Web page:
Mallincam Extreme – Frustrated with the limitations of my observing associated with light pollution in London, I came across discussions on line about the use of high sensitivity video cameras for use in Astronomy. The use of such cameras allows the near time observing of deep sky objects and the ability to view these directly either on a TV screen or laptop. Extensive on line research followed and this culminated in the investment of the Mallincam Extreme purpose built and highly sensitive analogue astronomy video camera. This was purchased through Jack’s Astro Accessories in New Orleans USA who is the authorised World wide dealer for the manufacturer Rock Mallin in Canada. After quite a learning curve, the use of the Mallincam has without doubt opened up a world of deep sky observing opportunities from my location despite the extreme light pollution and whilst the images that are captured are not in the same league as those taken by astro-photographers that is not my intent. I operate the Mallincam Extreme using Miloslick camera control software which allows full control of the camera from a laptop remote from the telescope.
Starlight Xpress Lodestar Colour & Lodestar X2 Mono – Relatively new additions, these camera’s are USB powered & primarily designed for guiding purposes in astrophotography. However these compact (just the size of a regular 1.25″ eyepiece) UK built camera’s from Starlight Xpress are extremely sensitive and have acquired a significant following of people who use them for near real time astronomy / video astronomy. The beauty of the Lodestar is that it is powered and controlled from the laptop by a single powered USB cable. I operate the Lodestar camera with the free Lodestar Live software designed by Paul Shears in Kent UK. As with the Miloslick software used with the Mallincam, the Lodestar Live software is intuitive and allows on the fly control of the camera settings and image processing to enable real time viewing and stacking of images on the laptop.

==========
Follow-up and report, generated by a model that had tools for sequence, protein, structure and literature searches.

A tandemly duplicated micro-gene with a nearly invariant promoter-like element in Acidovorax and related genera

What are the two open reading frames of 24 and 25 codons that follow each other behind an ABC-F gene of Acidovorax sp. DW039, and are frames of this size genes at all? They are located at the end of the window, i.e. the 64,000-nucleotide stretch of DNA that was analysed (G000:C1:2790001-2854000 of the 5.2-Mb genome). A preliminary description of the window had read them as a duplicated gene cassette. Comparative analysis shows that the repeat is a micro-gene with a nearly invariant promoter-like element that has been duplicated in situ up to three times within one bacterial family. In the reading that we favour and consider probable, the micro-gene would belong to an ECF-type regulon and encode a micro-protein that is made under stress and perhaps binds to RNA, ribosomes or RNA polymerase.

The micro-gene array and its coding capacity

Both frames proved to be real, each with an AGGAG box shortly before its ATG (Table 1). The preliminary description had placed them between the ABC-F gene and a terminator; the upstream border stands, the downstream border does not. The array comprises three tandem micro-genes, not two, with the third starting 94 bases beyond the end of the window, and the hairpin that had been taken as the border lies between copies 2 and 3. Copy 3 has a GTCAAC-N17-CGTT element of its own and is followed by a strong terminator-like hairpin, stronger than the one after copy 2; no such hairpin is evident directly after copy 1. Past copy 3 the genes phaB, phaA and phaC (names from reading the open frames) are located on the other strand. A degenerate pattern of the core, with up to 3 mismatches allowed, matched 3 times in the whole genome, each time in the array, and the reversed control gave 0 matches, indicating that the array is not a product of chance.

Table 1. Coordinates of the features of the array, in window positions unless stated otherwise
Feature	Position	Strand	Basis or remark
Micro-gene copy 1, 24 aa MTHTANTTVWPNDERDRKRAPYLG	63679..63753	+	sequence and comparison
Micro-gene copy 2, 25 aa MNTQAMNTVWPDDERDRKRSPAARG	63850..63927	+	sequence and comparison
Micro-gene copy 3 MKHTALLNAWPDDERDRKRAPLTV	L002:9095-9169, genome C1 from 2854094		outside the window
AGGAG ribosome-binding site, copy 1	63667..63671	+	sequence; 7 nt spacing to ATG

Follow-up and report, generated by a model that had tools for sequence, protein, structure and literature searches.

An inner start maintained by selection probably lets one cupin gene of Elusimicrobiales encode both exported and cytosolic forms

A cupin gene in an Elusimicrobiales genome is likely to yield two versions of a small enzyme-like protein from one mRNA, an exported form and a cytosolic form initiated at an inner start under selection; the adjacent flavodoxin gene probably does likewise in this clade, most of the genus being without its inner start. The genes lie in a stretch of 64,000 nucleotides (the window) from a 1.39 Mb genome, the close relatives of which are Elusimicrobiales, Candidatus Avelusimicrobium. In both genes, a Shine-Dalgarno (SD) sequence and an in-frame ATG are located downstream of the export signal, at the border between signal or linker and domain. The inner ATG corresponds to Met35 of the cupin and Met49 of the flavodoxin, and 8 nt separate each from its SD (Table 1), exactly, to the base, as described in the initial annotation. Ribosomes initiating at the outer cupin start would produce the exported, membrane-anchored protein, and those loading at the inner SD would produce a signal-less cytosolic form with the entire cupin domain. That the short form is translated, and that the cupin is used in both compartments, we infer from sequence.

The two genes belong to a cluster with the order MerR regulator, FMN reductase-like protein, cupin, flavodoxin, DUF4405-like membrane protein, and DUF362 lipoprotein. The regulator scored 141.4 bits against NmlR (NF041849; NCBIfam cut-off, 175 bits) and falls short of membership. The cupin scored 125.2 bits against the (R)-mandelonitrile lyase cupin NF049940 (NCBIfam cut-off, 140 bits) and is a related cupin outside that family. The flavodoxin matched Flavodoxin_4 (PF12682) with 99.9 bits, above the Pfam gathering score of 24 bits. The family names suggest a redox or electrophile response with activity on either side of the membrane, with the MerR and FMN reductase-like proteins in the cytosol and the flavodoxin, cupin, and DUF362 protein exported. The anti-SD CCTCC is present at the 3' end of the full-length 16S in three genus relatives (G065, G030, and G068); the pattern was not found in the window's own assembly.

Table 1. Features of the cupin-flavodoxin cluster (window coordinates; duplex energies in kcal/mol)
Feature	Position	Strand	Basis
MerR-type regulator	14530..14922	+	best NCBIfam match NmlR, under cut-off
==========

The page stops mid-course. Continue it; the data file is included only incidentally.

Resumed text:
Observing planning software:
Stellarium Planetarium software is used for all observing planning, in conjunction with various reference books. Stellarium is free, easy to use and more than adequate for my needs.
I generally plan ahead what I intend to observe on a given night and produce a spread sheet of the targets, their coordinates and then programme this into the Gemini system during the course of the evening viewing.
Having done some research on the most suitable filters for use with video astronomy I eventually acquired Astronomik UHC and HA filters to improve contrast of nebula and reduce the effects of light pollution. Most of the images from 2014 onwards are acquired with either of these being fitted. When not using either of these I used a standard IR cut out filter.
In order to reduce the focal length of the telescopes for video astronomy so as to reduce exposure times and increase the field of view, I use various focal reducer combinations. At present I use the Mallincam MFR5 focal reducer with various spacers that allow a range of focal reduction to be achieved from 0.8 to as low as 0.4. This is trial and error and there are many variables. Adequate focal reduction also reduces demands on the mount / alignment accuracy.
When observing the Sun, I use a 2″ Lunt Herschel wedge and a neutral adjustable polarising filter in conjunction with the Megrez 72. This configuration is shown in the picture below.